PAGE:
"Darcy was so confident Eliz would accept him because he did not think any woman in her position would refuse him, he thought she would be influenced by his money but did not really mind that because he was infatuated and passionately desired her."
I do really think that, if we cannot expect strong expressions of desire in Jane Austen (though there are some), all the left, if true, would be expressed positively or negatively.
In particular, if Darcy could have believed Elizabeth to have pure money views, it would have been said. Of course the book is not finished yet, even if we can go to chapter 48 or 49, but I do think that if such could be the case, there would be at least a hint in his letter.
I grant you that this doesn't necessarily imply that he believes her to be as much in love with him as he was with her, particularly if we remember (and he does seem to remember every word of every conversation) her "in a prudential light, it is certainly a very good match for her". Which meant not her approving a marriage for money, if we read what she had said just before, but seems to show her as a person who could consider a perspective of marriage with a rational sight, rather than pure emotion; just what he did himself, with one exception : his love to Elizabeth. But his mind (with a bit of vanity) tells him they fit perfectly in all points of views, and he believes he has prepared her to be addressed (otherwise I suppose he would not expect her to raise any expectation of such a grand man), and she did not seem ro refuse... We know that it was because she had not understood his hints, but he doesn't know and I do believe these hints were quite clear so though mistaken, he was not so wrong.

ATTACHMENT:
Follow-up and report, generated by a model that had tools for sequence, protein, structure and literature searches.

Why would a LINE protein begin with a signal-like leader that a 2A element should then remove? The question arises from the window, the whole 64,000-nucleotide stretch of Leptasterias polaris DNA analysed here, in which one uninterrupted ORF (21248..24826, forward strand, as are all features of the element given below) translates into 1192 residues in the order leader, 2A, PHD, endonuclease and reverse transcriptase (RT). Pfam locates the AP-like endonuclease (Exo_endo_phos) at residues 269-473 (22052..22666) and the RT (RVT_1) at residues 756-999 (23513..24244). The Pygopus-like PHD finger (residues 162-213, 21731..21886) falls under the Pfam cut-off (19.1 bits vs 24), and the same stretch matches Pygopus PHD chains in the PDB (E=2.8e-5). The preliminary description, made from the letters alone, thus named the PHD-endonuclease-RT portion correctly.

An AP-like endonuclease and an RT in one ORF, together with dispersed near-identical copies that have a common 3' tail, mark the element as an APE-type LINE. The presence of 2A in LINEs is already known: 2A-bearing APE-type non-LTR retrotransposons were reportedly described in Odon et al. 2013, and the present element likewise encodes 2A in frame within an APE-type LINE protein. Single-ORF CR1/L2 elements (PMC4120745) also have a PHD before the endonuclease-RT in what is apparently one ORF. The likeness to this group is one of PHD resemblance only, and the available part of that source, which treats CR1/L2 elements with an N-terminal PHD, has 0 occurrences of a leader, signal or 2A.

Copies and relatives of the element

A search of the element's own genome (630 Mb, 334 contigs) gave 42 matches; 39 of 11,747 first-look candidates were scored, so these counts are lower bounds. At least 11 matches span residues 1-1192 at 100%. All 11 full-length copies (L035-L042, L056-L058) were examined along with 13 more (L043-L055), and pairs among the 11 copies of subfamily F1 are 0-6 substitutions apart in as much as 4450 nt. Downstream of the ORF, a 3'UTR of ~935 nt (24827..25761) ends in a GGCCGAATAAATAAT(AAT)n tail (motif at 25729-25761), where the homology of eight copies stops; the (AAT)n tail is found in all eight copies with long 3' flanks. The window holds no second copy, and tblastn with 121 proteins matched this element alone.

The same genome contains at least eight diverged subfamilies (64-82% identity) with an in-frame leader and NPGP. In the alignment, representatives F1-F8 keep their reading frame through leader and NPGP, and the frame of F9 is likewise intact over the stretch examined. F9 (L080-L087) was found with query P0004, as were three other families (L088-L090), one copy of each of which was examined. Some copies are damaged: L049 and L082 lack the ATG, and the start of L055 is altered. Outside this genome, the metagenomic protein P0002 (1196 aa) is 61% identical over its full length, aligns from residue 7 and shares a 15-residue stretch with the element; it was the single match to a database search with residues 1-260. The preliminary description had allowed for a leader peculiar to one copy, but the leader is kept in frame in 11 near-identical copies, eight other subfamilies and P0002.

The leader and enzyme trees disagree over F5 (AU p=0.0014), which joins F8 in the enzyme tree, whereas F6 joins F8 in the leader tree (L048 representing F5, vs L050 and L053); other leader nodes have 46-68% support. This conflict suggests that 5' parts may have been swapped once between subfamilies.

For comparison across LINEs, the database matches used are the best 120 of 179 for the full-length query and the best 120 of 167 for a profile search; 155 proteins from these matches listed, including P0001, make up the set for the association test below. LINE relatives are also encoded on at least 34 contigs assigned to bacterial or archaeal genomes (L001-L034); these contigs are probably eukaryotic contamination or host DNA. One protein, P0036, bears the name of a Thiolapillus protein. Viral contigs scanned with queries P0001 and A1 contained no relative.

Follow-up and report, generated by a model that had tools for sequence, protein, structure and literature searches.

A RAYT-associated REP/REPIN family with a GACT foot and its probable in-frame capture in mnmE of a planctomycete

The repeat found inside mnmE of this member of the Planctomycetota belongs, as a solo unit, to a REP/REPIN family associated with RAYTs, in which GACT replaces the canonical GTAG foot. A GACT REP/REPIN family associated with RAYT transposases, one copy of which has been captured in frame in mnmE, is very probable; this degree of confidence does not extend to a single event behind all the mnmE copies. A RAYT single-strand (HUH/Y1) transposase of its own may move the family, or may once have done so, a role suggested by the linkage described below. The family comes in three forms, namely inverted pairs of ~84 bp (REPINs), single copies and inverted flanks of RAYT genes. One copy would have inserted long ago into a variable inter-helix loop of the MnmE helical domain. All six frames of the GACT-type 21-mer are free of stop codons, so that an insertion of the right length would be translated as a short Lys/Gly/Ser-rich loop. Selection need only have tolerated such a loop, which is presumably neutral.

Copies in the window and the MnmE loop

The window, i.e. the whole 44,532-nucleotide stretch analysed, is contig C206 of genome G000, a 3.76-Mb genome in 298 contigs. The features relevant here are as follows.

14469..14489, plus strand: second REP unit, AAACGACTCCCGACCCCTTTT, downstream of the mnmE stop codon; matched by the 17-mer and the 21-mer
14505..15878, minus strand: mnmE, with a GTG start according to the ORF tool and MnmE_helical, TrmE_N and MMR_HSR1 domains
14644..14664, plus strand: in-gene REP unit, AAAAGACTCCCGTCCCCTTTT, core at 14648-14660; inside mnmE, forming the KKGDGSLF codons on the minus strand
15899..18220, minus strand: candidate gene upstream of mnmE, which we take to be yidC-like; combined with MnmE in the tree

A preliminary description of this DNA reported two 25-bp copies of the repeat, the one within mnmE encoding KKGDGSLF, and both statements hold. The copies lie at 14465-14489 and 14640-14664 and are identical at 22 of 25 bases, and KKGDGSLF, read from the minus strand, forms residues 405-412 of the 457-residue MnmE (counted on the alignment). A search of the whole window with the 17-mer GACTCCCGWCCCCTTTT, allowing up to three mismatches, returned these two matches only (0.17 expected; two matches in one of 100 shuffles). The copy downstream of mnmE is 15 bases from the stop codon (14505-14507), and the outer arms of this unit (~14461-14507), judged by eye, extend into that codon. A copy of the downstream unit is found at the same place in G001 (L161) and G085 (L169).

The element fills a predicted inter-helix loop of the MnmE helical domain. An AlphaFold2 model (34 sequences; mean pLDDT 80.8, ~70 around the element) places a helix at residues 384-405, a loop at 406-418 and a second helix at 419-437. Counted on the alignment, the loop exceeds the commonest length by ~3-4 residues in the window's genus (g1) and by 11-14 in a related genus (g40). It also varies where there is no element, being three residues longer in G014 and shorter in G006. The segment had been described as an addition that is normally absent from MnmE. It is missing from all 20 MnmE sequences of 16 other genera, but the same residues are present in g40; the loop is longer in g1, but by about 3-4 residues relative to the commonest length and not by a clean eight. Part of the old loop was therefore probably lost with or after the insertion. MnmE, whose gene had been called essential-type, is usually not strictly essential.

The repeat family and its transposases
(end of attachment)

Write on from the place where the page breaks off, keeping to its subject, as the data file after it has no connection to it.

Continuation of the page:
I do not think either that he would have proposed a woman he would have believed mercenary. Such an idea, from a man with so deep principles, would have alienated her definitely.
""proud and repulsive as were his manners,"
"She still found him proud and repulsive,"
We don't read this quote alike : she still found his manners proud and repulsive, not himself.
And in your quote of chapter 37, our difference of reading is even stronger. I read, I find plainly written, that she did not want to see him anymore, because she felt "vexation and regret" in "her own past behaviour", and in "her family", "a subject of yet heavier chagrin". That is, it is her own feeling guilty towards him (though one is not guilty of one's own family...) that grieved her, not any dislike of him. Maybe this never happened to you, to wish to never see anymore somebody you like (here, she doesn't like him yet, I venture she could, would not be those awkward feelings) just because you have offended them, or believe so. If such is the case, I understand your reaction, but allow me to assert that it is well what the narrator tells us here, without any doubt.
"If Eliz had been fighting her attraction to him, surely the narrator would have said something like "but she told herself that she did not repent ... ""
No, really. First, there are several examples of the narrator writing a character's mistaken belief s an assertion. But even if the narrator does mean that Elizabeth really did not repent (and I confess I don't know which is the right meaning), why should it mean that she had not checked her attraction since the beginning? She had done so quickly, strongly and steadily! So strongly and steadily, that it is what enlightens us, readers, about this attraction, of which we have already debated repeatedly without getting to an agreement, and of which I would just repeat I never meant any sexual attraction.
And I repeat that I do not think she has been anything more than pleased (very much pleased), either by Wickham or by Colonel Fitzwilliam. Anything beyond was pure rational wish to go further with them.